Lifestyle

The Tiny Texas Town with a Huge Salt Mine Hiding Underneath It

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Have you ever heard of Grand Saline, Texas? No, you haven’t? Well, you’re probably acquainted with the town indirectly.  Most of us have a box of Morton Salt in our pantry. Grand Saline, a tiny Texas municipality, has enough salt underneath it to last us another 20,000 years, and a portion of it finds its way to our tables.

Maybe you’re craving a bit of the briny stuff for your favorite margarita. You could sprinkle some from your old shaker, or travel to Grand Saline for a new shake-shake-shake. Out of Dallas, head east on Highway 80 toward Longview, and about seventy miles later, you’ll find Grand Saline.  You’ll also find a building with a salt wall to lick, and who can resist that?

(Second photo in the featured image: Facebook/Salt Palace Museum)

The Tiny Texas Town with a Huge Salt Mine Hiding Underneath It

Photo: Facebook/Salt Palace Museum

The unique, museum made from saline is a fascinating place to tour.  The current building is comfortable and contains multiple displays and antiquities, but guess what? The original Salt Palace was built in 1936 and shaped like the Alamo!

Inside displays feature the brine industry from as far back as 1845. Exhibitions abound. Do you want to know how the underground salt gets to your table? Mining memorabilia, photographs, and videos provide that information. A German company owns the mine, but the Morton Salt Company operates it.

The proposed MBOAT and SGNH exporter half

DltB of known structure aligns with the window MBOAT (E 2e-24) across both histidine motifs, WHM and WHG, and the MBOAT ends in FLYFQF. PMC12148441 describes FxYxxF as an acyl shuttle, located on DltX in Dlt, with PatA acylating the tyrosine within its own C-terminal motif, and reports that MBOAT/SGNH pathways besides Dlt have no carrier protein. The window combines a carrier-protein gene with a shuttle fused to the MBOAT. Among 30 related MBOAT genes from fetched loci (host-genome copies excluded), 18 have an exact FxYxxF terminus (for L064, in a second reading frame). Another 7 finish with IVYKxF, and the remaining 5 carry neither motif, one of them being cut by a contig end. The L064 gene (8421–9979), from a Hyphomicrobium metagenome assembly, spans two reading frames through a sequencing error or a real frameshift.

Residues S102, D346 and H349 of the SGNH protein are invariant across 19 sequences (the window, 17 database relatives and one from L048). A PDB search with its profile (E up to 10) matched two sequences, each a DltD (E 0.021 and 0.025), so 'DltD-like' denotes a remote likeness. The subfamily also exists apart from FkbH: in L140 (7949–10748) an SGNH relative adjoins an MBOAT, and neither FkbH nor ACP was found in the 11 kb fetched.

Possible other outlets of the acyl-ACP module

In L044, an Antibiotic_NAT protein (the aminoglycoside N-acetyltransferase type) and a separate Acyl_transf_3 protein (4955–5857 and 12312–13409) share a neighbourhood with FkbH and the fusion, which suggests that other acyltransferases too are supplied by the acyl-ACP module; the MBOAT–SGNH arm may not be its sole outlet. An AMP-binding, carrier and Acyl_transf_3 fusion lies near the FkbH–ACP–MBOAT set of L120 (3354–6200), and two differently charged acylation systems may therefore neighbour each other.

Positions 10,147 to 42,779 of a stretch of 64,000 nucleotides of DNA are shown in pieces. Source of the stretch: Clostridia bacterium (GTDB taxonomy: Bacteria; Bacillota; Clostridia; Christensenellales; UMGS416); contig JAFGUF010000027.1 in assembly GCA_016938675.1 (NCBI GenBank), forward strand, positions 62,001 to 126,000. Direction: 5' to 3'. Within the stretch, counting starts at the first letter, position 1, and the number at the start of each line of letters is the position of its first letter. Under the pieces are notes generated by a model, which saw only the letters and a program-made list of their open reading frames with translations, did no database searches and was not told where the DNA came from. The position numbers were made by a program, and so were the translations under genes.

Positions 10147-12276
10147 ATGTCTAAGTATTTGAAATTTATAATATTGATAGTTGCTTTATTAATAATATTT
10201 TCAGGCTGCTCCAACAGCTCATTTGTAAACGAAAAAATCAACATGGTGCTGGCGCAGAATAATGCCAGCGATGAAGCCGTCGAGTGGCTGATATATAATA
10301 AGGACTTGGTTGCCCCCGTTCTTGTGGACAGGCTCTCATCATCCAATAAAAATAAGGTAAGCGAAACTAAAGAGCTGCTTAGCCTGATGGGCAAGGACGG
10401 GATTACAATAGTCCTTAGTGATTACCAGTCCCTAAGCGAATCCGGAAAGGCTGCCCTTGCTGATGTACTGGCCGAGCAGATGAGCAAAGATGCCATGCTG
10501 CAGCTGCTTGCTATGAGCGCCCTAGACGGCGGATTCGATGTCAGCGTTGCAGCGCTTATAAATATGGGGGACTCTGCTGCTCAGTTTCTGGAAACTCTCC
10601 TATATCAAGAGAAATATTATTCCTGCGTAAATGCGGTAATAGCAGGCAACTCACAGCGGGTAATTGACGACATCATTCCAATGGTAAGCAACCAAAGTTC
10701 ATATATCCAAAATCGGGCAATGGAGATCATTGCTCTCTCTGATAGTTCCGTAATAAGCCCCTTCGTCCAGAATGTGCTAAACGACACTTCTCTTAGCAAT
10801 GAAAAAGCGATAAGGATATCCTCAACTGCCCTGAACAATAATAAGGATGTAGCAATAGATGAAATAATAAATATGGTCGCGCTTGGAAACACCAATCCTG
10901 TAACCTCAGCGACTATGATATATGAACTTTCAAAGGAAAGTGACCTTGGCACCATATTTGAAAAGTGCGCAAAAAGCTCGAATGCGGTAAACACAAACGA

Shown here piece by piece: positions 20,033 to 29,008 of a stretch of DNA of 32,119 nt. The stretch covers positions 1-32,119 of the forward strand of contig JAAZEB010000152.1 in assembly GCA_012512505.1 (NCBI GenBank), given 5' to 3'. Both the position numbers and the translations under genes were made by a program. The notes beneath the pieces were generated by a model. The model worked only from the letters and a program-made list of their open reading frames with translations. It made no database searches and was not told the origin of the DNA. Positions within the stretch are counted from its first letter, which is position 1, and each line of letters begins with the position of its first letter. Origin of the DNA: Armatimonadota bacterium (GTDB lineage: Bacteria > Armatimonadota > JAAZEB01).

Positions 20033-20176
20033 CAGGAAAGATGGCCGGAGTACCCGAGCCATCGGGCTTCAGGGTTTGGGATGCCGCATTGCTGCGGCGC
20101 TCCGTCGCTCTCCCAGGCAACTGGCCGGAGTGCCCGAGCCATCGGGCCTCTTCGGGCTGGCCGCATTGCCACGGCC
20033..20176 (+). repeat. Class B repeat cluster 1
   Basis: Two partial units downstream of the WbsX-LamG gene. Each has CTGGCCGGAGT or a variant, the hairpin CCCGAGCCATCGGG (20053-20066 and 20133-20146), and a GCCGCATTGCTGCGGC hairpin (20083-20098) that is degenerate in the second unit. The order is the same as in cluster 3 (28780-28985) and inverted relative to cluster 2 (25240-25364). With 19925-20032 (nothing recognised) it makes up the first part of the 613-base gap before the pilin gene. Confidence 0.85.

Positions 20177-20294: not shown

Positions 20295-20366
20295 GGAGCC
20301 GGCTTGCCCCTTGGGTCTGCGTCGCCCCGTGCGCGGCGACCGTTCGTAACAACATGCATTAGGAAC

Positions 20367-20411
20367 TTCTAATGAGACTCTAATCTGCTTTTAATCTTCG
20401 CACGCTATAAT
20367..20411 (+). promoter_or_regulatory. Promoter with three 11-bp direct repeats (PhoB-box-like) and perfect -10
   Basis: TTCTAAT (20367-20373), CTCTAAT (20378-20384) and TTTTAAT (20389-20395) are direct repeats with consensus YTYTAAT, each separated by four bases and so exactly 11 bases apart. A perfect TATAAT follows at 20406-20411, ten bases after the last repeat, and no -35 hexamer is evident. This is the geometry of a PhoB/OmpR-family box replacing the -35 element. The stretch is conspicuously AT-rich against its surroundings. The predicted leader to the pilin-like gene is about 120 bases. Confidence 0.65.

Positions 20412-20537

The Tiny Texas Town with a Huge Salt Mine Hiding Underneath It

Photo: Facebook/Salt Palace Museum

Morton officials oversee the gigantic salt dome sitting 750 feet underneath the town of Grand Saline. Tours are no longer available, but the video shows the visitor how the Morton Salt company excavates the salt from the underground dome and gets it to your table. Although no one knows for sure, many believe this city and area were once part of the Gulf of Mexico. The seas dried and left layers of salt.

Salt mining began in Grand Saline in 1845. Morton Salt came to Grand Saline in 1920, but six years earlier, the famous, Morton Salt Umbrella girl made her first appearance. You’ll see her in the museum. Her latest update in style came in 2014 for her one-hundredth anniversary. The slogan remains the same: When It Rains It Pours.”

If pouring rain melts the Salt Palace in Grand Saline, rest assured, the salt will be replaced and the building re-salted for at least the next 20,000 years.